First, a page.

Supreme Court Justice Elena Kagan, on the Obama health care law: “We are giving you a boatload of money. There’s no matching funds requirement; there are no extraneous conditions attached to it. It’s just a boatload of federal money for you to take and spend on poor people’s health care. It doesn’t sound coercive to me, I have to tell you.”
What about the people who are being forced to pay taxes to fund the programs? Under ObamaCare, those who do not have health insurance are entitled to Medicaid. Medicaid is paid for not by Obama, not by Elena Kagan, but by taxpaying citizens. Are they not coerced to pay for these programs? What about the people whose health insurance premiums will go up by 50, 100 or 200 percent — all because ObamaCare imposes regulations on insurance companies unprecedented in the history of American business? Isn’t that coercion? What about those who will lose their health insurance coverage from their employers, since employers can no longer afford the premium? Or those who will lose their jobs, because their employers can no longer afford to pay them thanks to the skyrocketing cost of health insurance? Isn’t that coercion?
It’s true that programs like Medicare and Social Security are paid for with taxes. But at least in principle, if not in consistent practice, these programs are paid for by people who pay into them. This, of course, isn’t really true, because everyone is entitled to Social Security and Medicare benefits whether they ever work, or not. But at least there’s a pretense of ownership and responsibility there.
With ObamaCare, the pretense is dropped. You’re entitled to health insurance and medical care, and one way or another — according to the government — you’re going to get it. The only way government can make all this happen is through coercion.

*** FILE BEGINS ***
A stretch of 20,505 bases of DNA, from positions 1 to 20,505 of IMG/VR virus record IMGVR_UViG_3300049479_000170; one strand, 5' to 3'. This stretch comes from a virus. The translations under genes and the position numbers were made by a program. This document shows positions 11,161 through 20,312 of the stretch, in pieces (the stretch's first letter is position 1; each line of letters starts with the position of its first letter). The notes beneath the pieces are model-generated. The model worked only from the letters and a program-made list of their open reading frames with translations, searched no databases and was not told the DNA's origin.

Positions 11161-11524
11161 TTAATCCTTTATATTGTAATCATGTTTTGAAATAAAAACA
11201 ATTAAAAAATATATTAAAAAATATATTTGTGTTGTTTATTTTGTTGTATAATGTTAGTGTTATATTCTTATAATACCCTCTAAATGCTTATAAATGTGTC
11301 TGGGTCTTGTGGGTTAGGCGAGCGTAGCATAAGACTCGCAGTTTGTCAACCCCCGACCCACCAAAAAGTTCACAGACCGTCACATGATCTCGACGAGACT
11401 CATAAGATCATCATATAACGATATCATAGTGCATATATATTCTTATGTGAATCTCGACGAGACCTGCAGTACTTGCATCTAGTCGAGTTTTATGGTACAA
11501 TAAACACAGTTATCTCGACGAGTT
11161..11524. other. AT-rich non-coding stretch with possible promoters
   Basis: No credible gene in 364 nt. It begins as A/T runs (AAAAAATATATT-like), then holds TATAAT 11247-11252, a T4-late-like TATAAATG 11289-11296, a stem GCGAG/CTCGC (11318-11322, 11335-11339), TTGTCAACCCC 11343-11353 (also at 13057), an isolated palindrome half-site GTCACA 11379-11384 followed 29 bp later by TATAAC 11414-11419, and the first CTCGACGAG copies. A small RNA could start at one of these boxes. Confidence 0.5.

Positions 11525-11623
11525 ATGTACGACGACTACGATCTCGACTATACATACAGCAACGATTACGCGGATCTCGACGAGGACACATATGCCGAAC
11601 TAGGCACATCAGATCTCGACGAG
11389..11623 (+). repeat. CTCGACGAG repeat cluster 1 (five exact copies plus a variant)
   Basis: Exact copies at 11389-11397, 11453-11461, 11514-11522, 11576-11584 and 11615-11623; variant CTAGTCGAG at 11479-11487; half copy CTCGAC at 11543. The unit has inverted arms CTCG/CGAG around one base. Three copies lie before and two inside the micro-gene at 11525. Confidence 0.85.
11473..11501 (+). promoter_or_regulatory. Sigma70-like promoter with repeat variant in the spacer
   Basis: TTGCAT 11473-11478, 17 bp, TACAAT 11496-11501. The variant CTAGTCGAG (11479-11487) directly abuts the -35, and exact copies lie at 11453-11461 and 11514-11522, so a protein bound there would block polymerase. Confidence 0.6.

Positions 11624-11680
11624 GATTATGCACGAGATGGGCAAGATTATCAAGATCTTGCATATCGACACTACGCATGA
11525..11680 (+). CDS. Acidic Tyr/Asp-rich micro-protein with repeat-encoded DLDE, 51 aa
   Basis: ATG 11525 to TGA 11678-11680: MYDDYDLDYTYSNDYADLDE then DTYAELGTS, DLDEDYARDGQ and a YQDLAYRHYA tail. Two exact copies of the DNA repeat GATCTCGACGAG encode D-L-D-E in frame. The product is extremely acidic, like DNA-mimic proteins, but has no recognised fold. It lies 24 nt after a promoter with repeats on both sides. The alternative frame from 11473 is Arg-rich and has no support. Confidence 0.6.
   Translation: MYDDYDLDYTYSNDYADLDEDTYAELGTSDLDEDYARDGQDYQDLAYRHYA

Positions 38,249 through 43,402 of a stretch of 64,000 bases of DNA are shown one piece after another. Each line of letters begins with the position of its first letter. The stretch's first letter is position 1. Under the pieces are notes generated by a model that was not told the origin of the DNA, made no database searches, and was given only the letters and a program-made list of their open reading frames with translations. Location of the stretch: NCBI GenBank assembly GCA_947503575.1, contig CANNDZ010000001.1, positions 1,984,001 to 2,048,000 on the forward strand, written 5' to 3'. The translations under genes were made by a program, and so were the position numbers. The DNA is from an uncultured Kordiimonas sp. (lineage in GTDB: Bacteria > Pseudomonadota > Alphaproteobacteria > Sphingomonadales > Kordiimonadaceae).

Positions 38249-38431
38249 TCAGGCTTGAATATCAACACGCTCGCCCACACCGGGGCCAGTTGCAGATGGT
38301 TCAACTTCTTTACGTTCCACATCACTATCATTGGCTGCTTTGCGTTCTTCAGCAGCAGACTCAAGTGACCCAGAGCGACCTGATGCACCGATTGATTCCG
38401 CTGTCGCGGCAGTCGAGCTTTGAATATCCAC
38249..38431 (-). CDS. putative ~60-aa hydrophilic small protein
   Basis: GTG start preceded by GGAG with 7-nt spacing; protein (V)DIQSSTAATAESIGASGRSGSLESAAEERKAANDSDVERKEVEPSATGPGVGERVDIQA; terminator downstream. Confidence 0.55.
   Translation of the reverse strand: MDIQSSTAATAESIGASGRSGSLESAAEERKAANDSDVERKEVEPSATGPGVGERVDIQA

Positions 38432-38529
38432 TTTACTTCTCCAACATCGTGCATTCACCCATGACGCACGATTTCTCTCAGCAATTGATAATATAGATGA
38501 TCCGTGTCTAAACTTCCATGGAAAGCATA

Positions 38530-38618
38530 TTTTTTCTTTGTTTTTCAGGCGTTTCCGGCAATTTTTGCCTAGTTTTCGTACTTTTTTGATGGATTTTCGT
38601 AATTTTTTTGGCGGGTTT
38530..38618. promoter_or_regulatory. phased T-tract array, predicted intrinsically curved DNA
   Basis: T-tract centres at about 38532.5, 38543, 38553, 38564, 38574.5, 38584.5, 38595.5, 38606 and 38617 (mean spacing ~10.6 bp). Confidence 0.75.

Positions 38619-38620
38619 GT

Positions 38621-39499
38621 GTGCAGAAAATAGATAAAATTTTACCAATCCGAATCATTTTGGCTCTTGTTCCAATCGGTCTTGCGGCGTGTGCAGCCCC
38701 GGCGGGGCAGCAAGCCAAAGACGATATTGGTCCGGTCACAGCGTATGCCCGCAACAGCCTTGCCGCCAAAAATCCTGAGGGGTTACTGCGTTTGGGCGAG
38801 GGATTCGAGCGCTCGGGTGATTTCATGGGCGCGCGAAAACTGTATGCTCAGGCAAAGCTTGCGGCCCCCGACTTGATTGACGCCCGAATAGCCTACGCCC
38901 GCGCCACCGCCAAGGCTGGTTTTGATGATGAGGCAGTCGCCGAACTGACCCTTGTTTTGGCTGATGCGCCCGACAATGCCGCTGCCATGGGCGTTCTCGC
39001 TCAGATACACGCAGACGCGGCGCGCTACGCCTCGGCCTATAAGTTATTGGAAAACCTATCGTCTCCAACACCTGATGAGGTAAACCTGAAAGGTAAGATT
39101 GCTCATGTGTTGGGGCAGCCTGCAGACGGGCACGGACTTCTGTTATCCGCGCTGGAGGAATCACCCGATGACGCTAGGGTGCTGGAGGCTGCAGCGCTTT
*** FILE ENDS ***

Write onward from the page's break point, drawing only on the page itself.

Maybe you think coercion is OK. If so, you should defend that premise. You should attempt to reconcile that premise with the Constitution of the United States. I don’t know how you can, but you can certainly try. And the onus should be on you to do so. And the same applies to Elena Kagan.
David Harsanyi of Reason magazine notes that Elena Kagan is the same woman who, as Obama’s Solicitor General, argued that banning books would be acceptable if those books were considered “politicking” by a government agency. Perhaps it should not be surprising that she would not consider socialized medicine coercion, if she finds banning of books she deems politically unacceptable to be Constitutional.
Liberals are always crying that they’re “frightened” of conservatives or anyone who dares disagree with them on anything, including ObamaCare. Isn’t the presence of someone like Elena Kagan on the Supreme Court more than a little bit frightening — potentially to anyone, given her views?
Obama caused quite a stir recently when he implied that the Supreme Court really has no business striking down a law it considers unconstitutional. Obviously, he has nothing to fear from Elena Kagan. But he undoubtedly knew that when he appointed her.